Separately, none of these parts is indispensable, but like the disparate, ridiculous books of the Bible (have you ever read the Book of Jonah?) when gathered together (along with an excellent bibliography) they amount to scripture. And, like scripture, they can remake your world to the extent you let them.
Alpert/Dass is, it must be said, a substantial spiritual fuck up, but I will always love him for this book, and for the way he once compared the way he figuratively fell on his face over and over to a man making his way to a holy city by means of continual prostrations—it was too apt a description of my own life to ever forget.
Promethea, by Alan Moore
Alan Moore is a literary titan whose medium happens to be comic books: deal with it. The fact is, Moore is positively Joycean in the way he packs layers of meaning into words and, unlike Joyce—or Pynchon, or Wallace—he has the whole playground of image to play with as well.
The substantial success Moore attained with his scripts for Watchmen, From Hell, V for Vendetta, and other titles—and the substantial disappointments he suffered as those graphic masterpieces were translated to the screen—both allowed him and drove him to focus on more insular, idiosyncratic work… one can almost hear him muttering, ‘make a movie of this you effing bastards,’ as he completed his pornographic masterwork Lost Girls, or the swirl of Cabala, sex magick, metaphysics, and superhero mythology comprising the work I extol here, Promethea.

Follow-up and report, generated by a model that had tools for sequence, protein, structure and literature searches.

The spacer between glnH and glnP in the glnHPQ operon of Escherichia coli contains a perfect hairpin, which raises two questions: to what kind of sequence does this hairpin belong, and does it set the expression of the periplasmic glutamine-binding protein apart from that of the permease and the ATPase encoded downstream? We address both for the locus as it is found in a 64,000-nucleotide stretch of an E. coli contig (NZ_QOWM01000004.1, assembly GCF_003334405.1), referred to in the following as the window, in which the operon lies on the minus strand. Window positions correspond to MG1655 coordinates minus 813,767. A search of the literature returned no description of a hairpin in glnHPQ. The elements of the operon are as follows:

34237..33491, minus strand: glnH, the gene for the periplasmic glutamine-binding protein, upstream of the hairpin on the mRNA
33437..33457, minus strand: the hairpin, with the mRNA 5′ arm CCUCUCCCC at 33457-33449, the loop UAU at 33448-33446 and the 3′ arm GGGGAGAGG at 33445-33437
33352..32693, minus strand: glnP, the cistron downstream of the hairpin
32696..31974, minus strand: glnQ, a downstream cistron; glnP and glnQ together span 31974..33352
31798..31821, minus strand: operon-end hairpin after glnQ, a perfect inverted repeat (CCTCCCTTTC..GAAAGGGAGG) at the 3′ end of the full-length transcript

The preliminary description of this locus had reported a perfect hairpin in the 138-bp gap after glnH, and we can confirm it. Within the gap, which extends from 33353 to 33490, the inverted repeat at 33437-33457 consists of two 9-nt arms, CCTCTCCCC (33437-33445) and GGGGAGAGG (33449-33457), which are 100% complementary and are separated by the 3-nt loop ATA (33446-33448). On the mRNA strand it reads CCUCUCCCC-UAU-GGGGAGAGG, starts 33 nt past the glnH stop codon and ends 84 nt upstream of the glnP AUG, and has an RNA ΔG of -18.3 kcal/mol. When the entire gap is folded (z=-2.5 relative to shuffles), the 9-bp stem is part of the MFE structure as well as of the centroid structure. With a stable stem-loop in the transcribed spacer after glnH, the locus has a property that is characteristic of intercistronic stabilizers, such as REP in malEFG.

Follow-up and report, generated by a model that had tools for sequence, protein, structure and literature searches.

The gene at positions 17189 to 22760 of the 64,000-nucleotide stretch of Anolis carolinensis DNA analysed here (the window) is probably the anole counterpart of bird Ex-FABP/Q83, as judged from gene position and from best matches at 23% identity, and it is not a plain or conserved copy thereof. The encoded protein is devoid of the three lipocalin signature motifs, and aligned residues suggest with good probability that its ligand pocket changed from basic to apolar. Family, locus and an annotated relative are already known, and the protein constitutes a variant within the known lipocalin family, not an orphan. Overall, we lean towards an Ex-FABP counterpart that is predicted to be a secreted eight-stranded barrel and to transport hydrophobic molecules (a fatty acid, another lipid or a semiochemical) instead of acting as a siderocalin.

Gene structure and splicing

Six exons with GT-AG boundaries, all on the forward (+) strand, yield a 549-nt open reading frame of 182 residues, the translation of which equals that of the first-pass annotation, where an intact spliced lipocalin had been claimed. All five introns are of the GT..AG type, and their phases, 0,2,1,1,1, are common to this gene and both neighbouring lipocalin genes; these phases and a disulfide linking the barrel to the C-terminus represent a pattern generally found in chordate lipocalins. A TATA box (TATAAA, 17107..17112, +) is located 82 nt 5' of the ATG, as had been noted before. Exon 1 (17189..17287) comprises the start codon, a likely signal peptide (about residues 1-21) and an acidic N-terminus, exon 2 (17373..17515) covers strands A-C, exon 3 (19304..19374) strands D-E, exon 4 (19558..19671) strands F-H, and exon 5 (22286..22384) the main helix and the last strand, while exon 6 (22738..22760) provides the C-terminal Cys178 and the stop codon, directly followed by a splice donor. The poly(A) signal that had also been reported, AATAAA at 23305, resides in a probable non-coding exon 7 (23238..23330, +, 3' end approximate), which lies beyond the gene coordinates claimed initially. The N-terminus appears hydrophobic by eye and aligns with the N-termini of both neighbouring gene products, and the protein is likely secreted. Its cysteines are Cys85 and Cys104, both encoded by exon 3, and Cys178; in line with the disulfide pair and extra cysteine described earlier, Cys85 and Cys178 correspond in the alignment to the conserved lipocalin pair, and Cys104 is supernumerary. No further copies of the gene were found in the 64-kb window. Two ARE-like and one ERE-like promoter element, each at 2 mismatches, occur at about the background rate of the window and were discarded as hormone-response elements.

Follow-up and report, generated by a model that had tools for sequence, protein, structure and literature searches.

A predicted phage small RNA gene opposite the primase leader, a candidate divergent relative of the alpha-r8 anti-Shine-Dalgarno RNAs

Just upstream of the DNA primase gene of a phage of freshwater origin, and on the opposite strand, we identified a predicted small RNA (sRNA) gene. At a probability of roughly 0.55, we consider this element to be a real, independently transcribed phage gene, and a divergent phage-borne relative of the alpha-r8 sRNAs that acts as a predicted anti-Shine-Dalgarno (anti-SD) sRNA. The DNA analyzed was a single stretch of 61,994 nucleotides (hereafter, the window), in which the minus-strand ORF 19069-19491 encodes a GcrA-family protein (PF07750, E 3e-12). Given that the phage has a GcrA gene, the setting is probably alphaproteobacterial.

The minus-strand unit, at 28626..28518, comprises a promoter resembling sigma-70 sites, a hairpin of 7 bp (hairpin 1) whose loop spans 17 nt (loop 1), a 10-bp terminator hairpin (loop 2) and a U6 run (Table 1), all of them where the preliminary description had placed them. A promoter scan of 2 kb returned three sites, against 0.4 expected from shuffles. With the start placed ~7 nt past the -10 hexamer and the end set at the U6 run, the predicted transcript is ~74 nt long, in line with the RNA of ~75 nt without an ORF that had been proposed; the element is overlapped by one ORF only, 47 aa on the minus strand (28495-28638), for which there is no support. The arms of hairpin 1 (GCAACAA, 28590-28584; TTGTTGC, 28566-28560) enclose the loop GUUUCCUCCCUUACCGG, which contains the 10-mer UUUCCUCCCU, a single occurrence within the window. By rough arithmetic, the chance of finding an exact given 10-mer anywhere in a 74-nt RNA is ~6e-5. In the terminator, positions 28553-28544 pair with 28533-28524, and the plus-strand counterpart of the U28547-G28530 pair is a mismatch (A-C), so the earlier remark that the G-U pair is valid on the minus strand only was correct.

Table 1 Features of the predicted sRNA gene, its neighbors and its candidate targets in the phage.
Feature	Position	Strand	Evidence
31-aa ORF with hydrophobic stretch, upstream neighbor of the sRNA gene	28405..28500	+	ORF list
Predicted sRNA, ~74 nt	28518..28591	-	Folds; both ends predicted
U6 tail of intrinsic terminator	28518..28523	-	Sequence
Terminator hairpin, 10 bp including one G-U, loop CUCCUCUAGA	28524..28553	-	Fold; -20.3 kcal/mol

Available in five volumes that collect the original comics, the spine of Promethea is conventional for the costumed vigilante genre: a young lady, Sophia Bangs (pay attention to those names, reader) finds herself blessed/cursed with the ability to transform herself into the curvaceous superheroine Promethea, who is able to fly, shoot beams of force from her caduceus, and so forth. In coming to terms with her new powers, she meets and beats assorted villains, and ushers in the end of the world.
Wait; what was that last part? End of the world? It’s hardly a spoiler to tell you so—from early on in Book One it’s clear that Promethea’s world faces the end of history.